The son of Chick-fil-A’s founder has responded to the concerns of a Christian ministry that defended two other well-known ministries that were dropped by the Christian-based fast food chain.
“We inadvertently discredited several outstanding organizations that have effectively served communities for years,” Dan Cathy wrote in the letter to Tim Wildmon, who leads the Mississippi-based American Family Association.
Cathy’s letter, dated December 5, addresses the backlash that came in mid-November when the public learned Chick-fil-A’s non-profit foundation was ending donations to the Salvation Army and the Fellowship of Christian Athletes as part of a new “charitable giving structure” approved by the foundation’s board.
Tim Tassopoulos, Chick-fil-A’s president and COO, made the announcement to Bisnow.com, a business website, and the story was picked up by the well-read Drudge Report and quickly went viral.
Founded in 1946 by Truett Cathy, Chick-fil-A already stood out from its fast food competitors for its Christian-based corporate culture, but the Atlanta-based company became a hated enemy of the Left in 2012 after Dan Cathy shared his personal biblical views about marriage with a reporter. Since then, LGBT activists and liberal public officials continue to fight the company’s expansion onto city blocks, college campuses, and even airports.
An unnamed Chick-fil-A executive told Bisnow the corporation has been “taking it on the chin” ever since Cathy’s remarks went public, and now the country’s most popular fast food chain is attempting to expand into new markets where it is unwelcome.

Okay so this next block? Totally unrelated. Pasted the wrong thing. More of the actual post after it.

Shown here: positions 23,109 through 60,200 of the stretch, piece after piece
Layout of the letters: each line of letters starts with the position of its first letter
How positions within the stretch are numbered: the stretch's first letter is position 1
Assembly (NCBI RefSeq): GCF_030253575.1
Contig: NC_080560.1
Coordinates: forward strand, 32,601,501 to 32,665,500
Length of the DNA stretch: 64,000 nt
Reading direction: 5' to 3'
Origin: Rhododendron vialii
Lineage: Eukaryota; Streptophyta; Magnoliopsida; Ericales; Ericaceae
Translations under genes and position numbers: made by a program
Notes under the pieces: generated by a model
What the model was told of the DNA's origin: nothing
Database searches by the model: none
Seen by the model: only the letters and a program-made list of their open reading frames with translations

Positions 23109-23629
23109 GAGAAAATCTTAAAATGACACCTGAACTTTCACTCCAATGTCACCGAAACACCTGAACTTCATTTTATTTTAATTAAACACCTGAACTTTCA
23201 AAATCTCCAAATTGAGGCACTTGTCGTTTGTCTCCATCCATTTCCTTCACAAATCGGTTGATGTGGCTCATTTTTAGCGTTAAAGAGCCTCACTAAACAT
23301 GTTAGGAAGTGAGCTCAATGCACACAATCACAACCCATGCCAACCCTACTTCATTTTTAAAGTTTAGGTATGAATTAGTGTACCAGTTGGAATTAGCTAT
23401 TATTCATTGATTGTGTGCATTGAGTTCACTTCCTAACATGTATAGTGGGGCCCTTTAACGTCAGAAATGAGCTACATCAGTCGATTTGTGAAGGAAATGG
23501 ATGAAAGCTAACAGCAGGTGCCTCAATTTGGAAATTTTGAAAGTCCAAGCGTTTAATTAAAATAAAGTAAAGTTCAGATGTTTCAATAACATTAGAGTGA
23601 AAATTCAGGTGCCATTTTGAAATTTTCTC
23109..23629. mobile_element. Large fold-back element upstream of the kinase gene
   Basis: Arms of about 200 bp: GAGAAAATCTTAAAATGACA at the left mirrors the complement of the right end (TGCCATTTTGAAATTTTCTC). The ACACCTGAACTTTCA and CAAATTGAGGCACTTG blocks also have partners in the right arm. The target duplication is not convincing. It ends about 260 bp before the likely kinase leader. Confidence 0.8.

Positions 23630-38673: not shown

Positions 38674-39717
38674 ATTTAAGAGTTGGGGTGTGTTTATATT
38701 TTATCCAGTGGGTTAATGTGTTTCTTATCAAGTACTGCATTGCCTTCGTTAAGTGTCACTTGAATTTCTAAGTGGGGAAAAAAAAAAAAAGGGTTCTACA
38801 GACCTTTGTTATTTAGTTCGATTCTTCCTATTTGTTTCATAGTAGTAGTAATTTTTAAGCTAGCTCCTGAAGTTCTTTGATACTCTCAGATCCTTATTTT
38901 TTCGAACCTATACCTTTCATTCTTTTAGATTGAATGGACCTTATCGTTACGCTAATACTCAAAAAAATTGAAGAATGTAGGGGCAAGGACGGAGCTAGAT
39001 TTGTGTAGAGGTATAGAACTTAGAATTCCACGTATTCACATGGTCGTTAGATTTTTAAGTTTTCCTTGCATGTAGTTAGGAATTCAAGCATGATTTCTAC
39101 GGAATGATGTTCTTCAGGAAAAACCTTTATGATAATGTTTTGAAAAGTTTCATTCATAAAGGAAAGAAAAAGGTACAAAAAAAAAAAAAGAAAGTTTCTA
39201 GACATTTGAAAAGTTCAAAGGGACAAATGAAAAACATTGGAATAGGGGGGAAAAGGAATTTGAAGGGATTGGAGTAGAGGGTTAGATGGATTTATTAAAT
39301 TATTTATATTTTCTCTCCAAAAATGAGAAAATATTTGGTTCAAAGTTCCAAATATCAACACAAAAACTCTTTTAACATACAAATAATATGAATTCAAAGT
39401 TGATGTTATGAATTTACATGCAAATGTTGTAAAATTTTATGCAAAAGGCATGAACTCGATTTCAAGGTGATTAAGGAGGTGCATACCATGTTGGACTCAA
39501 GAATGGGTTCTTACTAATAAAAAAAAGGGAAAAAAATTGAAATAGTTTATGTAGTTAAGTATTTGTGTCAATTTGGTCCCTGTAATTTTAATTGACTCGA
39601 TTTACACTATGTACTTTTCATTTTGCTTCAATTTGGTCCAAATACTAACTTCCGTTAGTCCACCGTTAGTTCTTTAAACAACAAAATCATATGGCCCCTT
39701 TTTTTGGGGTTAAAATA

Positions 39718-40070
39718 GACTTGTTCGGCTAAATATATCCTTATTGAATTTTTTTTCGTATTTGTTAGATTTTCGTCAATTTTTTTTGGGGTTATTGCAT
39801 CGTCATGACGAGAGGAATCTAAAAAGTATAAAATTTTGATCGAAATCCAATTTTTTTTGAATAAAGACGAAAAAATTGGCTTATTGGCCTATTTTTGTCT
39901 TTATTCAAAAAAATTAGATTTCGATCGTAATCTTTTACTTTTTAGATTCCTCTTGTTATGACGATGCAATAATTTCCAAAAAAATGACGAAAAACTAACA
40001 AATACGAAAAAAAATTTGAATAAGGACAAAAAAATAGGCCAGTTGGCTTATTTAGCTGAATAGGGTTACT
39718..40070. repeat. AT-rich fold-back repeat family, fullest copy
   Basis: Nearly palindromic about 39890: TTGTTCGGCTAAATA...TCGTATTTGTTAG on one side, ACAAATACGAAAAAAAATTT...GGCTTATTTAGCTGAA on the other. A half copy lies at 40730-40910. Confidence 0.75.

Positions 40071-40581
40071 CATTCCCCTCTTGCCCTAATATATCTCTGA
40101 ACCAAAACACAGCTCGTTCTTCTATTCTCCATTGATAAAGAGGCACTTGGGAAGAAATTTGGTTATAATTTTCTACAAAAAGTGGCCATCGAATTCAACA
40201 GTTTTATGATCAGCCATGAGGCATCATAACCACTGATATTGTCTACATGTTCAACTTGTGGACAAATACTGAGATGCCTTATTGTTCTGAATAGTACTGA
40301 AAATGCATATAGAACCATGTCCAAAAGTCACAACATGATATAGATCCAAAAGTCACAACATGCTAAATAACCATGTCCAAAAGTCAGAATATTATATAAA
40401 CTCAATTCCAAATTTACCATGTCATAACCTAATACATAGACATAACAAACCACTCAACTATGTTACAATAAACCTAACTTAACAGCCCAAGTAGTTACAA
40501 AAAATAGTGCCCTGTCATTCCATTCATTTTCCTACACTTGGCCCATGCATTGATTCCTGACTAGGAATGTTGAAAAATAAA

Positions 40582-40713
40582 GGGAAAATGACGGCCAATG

AFA and other conservative groups predictably viewed the announcement as surrendering to the culture, with The Salvation Army and FCA becoming the first victims of a left-wing turn.
“We understand Chick-fil-A can support whatever groups it wants but we wanted to protect the reputation of FCA and the Salvation Army,” Ed Vitagliano, an AFA executive vice president, tells OneNewsNow.
Pointing to Cathy’s letter, the AFA spokesman says it was important that Cathy referred to “outstanding organizations” that were wrongly discredited.
“Because that means [Cathy] understands, and Chick-fil-A understands,” says Vitagliano, “that these two organizations are not hate groups and that was important for a lot of evangelicals.”
OneNewsNow has reported, in fact, that The Salvation Army devotes an entire section of its website to helping homosexuals, lesbians, and transgenders with temporary shelter, job training, substance abuse counseling, meals, and teen suicide prevention.
Wildmon, in an “Action Alert” sent to AFA supporters, called Cathy’s defense of the non-profits a “welcomed clarification” and echoed Vitagliano’s comment that his defense of them means a lot to evangelical Christians.
Wildmon also told supporters that AFA will continue to “monitor” the corporate giving after Chick-fil-A chose to partner with Covenant House International, which helps homeless youth.
“We do not believe Covenant House has a biblical view of sexuality,” Vitagliano explains, “and so that was pretty surprising to us that Chick-fil-A would be sponsoring an organization that is affirming of homosexuality.”
Cathy’s letter to Wildmon stated that Truett Cathy was “deeply committed to his Christian faith,” and said his children share that “deep conviction” to live out their faith “by serving with generosity and humility in the marketplace.”
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